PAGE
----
Ever hear of the Japanese concept of wabi sabi? It's as central to their aesthetic as the Greek ideals of balance and perfection and beauty are to ours in the Western world. Things that we take for granted in our own culture. Things that end up driving how we perceive our own art making and creative work. That it MUST be perfect. It MUST look like the photograph. No mistakes allowed.
Wabi sabi includes three principles: nothing lasts, nothing is finished, and nothing is perfect.
I try to teach the girl the ideas of wabi sabi as we work on crafts together. She's already getting a bit of an idea about it from her art teacher at school. The girl tells me how "nothing is a mistake".
We made a Halloween garland last week inspired by this post on Jen's wonderful blog Classic Play. She has THE best crafts. But we didn't have the right string so we used ribbon instead.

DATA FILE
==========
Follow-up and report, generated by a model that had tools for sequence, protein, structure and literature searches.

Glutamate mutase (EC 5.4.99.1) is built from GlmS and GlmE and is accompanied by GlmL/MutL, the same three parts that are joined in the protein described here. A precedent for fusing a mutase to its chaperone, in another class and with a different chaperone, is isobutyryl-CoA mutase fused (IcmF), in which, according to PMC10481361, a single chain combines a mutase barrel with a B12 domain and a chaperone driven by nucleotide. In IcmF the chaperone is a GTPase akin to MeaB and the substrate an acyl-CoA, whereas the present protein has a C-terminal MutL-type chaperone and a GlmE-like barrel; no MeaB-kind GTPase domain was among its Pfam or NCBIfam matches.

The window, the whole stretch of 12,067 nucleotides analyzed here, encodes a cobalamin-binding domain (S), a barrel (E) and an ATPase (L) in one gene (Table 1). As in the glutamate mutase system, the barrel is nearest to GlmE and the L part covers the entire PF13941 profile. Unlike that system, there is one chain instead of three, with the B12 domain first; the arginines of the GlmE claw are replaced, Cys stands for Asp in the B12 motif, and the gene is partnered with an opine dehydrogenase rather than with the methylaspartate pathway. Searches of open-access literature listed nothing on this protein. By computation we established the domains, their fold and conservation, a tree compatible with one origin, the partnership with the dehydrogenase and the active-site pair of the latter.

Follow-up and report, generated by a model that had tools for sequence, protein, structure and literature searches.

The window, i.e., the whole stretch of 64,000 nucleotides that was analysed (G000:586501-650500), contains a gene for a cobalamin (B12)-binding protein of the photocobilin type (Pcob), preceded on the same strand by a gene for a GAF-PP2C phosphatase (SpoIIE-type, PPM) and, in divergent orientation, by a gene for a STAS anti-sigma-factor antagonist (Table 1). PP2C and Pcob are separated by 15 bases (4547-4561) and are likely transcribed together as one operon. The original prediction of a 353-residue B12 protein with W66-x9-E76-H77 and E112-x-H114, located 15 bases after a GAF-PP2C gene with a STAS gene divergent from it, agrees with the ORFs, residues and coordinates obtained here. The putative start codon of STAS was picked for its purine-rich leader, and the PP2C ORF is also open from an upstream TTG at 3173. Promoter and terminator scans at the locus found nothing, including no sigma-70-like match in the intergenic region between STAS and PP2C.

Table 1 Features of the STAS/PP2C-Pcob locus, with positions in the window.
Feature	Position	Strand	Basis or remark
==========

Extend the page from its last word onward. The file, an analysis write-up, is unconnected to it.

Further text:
And we could only find one pair of scissors that were sharp enough to cut through felt.
We DID use a paper template to try to have a consistent size of triangle. But that was tricky to manipulate for a six year old. So between the dull scissors and the improvised triangles, we ended up with our own version of Halloween bunting. A little on the rough side. And a whole lot of wabi sabi.
How about you? How do you handle the need for your art making and crafting to be perfect? Are you ready for a little wabi sabi too?